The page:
Lots more people smoke pot than use cocaine, we could cut off more than half of the drug war if we legalize marijuana. In fact we could tax the crap out of it, it would still be much cheaper than it is now, we could use the taxes to pay for the other parts of your drug war.

That answer makes a lot of sense.

But making sense isn't your real problem, is it?

Posted by: eezmamata | September 10, 2010 2:19 AM

Politicians are hats off the most corrupt and perverse segment of any population around the world. Everywhere, they kill more, rape more, steal more, lie more than the rest of us. The idea that politicians are deciding on drug policy that affects tens of millions of people is frightening, because the only thing politicians are protecting is their own political careers. The well-being of people has no place in their hearts. It's like having a total stranger decide how you raise your children. From time to time, our apathy comes back to haunt us, when one of our kids goes to jail and gets a criminal record wrapped around their neck for smoking a joint.

Posted by: peaceandprotest | September 10, 2010 3:26 AM

yes, we can't destabilize our neighbor?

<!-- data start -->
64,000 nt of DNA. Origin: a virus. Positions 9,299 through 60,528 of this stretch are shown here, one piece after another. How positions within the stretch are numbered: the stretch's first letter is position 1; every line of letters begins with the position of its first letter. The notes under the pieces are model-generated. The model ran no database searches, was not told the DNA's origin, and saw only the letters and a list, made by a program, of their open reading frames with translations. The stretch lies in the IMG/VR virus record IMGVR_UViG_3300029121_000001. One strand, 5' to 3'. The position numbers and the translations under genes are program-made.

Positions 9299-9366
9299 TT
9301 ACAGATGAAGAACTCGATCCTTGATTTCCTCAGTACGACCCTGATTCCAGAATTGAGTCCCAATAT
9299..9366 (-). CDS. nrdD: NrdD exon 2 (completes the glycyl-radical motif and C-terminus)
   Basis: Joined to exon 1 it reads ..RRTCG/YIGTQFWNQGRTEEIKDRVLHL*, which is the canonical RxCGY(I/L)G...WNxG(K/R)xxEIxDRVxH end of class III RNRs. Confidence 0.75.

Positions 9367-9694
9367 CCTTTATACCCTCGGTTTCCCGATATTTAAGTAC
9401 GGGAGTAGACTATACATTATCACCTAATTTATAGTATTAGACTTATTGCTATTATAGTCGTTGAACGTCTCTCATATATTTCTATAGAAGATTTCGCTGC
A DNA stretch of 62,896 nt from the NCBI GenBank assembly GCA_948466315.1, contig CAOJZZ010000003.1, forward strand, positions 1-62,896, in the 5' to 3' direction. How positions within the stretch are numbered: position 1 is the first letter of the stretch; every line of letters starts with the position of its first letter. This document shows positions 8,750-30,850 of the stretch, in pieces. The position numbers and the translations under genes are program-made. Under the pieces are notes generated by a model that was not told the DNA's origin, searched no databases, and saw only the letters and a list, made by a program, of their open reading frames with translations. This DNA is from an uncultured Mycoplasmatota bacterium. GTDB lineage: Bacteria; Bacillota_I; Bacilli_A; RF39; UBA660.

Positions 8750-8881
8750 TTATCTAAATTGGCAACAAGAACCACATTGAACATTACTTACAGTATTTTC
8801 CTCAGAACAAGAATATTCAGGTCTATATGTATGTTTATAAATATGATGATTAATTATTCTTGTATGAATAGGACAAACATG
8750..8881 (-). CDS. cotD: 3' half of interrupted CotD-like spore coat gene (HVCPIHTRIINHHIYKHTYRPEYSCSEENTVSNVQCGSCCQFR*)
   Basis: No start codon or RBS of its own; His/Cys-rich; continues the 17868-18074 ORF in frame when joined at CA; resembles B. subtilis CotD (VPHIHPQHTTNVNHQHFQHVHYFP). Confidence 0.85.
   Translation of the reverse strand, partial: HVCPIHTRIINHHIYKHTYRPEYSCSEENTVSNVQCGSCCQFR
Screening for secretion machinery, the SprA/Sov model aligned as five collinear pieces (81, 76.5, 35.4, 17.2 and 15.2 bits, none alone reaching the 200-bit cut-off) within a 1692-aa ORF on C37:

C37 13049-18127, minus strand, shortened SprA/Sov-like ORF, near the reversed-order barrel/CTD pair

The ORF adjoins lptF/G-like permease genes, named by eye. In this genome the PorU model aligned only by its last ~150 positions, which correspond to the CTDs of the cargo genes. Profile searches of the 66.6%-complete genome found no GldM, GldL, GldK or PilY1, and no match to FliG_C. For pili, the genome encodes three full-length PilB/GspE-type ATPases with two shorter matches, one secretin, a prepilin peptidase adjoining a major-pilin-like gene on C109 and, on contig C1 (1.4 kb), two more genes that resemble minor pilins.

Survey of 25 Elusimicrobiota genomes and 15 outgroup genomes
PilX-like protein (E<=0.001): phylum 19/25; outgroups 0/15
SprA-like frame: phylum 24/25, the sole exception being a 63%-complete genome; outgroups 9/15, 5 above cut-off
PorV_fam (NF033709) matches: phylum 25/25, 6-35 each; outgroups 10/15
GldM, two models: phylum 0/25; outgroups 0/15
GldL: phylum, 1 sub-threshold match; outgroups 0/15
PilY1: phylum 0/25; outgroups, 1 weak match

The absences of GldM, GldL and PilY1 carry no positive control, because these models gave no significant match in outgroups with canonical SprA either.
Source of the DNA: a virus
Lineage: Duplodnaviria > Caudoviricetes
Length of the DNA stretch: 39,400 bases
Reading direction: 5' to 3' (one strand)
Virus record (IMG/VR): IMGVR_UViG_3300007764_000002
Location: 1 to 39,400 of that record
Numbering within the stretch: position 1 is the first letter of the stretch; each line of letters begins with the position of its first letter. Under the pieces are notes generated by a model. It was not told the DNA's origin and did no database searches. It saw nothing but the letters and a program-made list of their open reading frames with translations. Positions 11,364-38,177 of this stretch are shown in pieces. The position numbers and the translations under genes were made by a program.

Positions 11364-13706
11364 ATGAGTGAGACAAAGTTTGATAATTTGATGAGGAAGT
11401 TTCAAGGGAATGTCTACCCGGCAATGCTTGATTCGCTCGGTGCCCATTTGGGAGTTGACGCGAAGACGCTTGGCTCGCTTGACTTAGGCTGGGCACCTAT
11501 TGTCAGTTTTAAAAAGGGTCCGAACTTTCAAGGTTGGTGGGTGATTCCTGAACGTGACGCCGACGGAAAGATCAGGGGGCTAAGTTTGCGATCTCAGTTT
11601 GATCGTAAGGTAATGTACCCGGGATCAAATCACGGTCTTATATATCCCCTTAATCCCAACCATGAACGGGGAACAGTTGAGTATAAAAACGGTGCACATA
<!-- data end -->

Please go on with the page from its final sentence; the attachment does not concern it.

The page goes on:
Isn't that what we've done already by forcing our drug war on them that is fueled by our drug use. Legalize and the problems will be vastly reduced. We need to end this corrupt war that is never meant to end just to be used as an excuse to give more power to the state.

Posted by: augustiswest | September 10, 2010 3:38 AM

You can't be serious! We created their so called "war on drugs." It's not even their war, it's ours. So should we pay attention? Of course. Legalize everything and get this war over with. We have no one to blame but ourselves for the blood bath along the southern border. Shame on you Washington Post. You know better.

Posted by: stephencalexander | September 10, 2010 8:32 AM

The US has created the drug wars in Mexico. 90% of the drugs they produce and traffic there are sold in the U.S. And 80% of the weapons confiscated from drug gangs that are traceable have been traced back to the U.S. It's our addiction and our loose gun laws that have created hell on earth in Mexican border towns. But then we act like it's their problem to solve, not ours. Shame on us.

Posted by: cpantelias | September 10, 2010 10:08 AM

The missing choice: No. Mexico should enforce Mexican laws and the US should enforce US laws.

I would have voted no, for the separation of Mexico and the US as two sovereign nations, but that doesn't mean I support legalization of marijuana.

Posted by: sscritic | September 10, 2010 10:45 AM

Mexico should follow the Dutch model and allow the establishment of "coffee shops" for the sale and consumption of marijuana. I guarantee many more tourism dollars would be spent in Mexico.

Posted by: kbockl | September 10, 2010 12:10 PM

We need those tourism dollars right here in California; and hopefully after November we'll have them.

Posted by: jonthom | September 12, 2010 2:04 AM